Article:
Despite the Mets' runaway NL East title and Division Series sweep of the Dodgers serving as prelude to Game 1 on Wednesday night, the overhanging threat of a possible managerial move in the Bronx had dominated the New York media and most Big Apple baseball conversations since the Yankees' disappointing elimination by the Tigers on Saturday night in the American League Division Series.
Even as Cardinals representatives were about to enter the interview room inside Shea Stadium at about 1 p.m. ET on Tuesday, Katy Feeney, the Major League Baseball representative who facilitates the question-and-answer sessions, had to inform inquiring reporters that the simultaneous Torre press conference was not going to be on a monitor there.
Midway through Tony La Russa's appearance in the interview room, the St. Louis skipper was relayed the news about Torre by MLB.com and was clearly pleased that his predecessor as Cardinals manager is coming back. La Russa has been through plenty of similar situations in a long and successful managerial career, although never under the specter of New York's fishbowl and Yankees owner George Steinbrenner.
"Well, you're talking about a no-brainer," La Russa said. "I'm a veteran manager, but he's a veteran manager with incredible credentials. This time of the month, the success they have had. They have had a couple tough series here recently. I think however he's involved with it, or whatever the Yankee brain trust [was thinking], that's a no-brainer. Those results don't just happen because they have got talent and he shows up and talks to the press. He's an outstanding manager and person."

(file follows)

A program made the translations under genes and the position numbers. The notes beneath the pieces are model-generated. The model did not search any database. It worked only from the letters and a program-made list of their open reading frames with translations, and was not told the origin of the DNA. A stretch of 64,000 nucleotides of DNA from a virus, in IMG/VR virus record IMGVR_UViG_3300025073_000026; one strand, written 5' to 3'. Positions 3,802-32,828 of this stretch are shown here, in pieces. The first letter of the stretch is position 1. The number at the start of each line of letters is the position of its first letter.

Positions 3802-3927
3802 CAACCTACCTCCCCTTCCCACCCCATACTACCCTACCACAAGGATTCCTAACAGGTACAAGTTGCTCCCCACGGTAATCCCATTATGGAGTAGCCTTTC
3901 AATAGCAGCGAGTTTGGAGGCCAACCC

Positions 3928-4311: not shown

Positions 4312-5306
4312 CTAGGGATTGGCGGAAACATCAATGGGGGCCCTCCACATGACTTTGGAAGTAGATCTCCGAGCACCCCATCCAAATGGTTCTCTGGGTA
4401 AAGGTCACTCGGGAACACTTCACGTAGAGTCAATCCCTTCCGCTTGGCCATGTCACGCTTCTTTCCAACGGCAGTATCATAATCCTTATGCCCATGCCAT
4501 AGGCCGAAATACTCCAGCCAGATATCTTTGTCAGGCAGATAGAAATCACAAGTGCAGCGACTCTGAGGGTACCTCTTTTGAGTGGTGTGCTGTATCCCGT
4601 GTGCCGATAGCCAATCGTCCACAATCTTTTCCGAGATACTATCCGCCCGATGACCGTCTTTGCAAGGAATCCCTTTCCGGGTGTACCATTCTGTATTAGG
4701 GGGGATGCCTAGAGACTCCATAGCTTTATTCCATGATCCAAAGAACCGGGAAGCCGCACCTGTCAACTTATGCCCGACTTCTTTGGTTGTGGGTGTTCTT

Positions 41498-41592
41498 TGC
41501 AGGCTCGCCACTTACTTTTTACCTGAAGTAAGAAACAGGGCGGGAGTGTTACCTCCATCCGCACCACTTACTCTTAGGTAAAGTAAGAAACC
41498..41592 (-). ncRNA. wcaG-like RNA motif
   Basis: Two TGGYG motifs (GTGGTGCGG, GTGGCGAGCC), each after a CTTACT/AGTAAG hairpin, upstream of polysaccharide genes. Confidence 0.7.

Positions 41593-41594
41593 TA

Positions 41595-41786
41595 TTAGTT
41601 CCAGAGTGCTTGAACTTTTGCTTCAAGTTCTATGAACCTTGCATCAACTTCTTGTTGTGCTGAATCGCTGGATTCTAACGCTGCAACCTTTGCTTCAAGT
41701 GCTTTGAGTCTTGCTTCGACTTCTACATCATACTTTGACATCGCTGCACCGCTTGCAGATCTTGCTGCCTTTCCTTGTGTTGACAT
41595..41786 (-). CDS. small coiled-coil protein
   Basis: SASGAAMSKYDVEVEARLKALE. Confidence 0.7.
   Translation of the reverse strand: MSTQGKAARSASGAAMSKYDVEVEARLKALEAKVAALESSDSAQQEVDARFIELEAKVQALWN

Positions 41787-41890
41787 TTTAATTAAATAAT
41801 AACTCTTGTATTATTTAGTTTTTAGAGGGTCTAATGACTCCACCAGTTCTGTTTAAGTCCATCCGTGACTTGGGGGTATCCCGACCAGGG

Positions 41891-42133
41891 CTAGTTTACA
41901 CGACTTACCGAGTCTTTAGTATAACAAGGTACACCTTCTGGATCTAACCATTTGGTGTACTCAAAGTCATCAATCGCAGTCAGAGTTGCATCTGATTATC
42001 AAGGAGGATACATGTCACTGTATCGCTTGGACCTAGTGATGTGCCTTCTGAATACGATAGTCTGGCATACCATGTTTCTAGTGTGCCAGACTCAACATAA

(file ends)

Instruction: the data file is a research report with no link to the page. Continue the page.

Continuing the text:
Torre was dismissed by the Cardinals 101 games into the 1995 season, the last time he was removed from a managerial post. Mike Jorgensen finished that season as the Cards skipper on an interim basis. La Russa came from Oakland to take over St. Louis, beginning with the 1996 season, and managed those Cards to a first-place finish in the newly created NL Central. That same year, Torre began with the Yankees, guiding them to a world championship.
Randolph already was a Yankees coach at the time (starting in 1994) and remained on Torre's staff through 2004, taking the Mets' job that November. During his interview session on Tuesday, he talked at length about the managerial style he has developed and how others have influenced his in-game decision making.
"I've been fortunate to be around a lot of great managers and coaches and players, and I think that I've taken a little bit from everyone and that's who I am," Randolph said. "But I don't have to revert back to how does so-and-so do this or a situation where how would this guy handle that. Just wing it, that's all."
Randolph's Mets are perceived as a very different bunch than the Yankees he coached, evidently much more loose as a team than their AL neighbors.
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"A lot of what I do is one-on-one and very individual," Randolph said. "We started a trend last year and started to change the culture of this ballclub and the idea of how we play the game and the mindset, and it's kind of evolved to where we are right now. We made some changes, and we brought in some people that really helped to enhance what we're trying to do, but my leadership is something that I can't describe to you. I mean, it's just something that I do. I've always done it, something I've always had.
"What you see is what you get with me and, I don't know, just being myself. It's really just how you communicate and how you motivate and how you lead your people, and I can't explain how I do that, I just do it."
Randolph won two world championships as a player with the Yankees in 1977-78 and four as a coach (1996 and 1998-2000). La Russa managed Oakland to the 1989 world championship, the middle of three World Series appearances during that stretch, and also managed the Cardinals to the 2004 Fall Classic against Boston.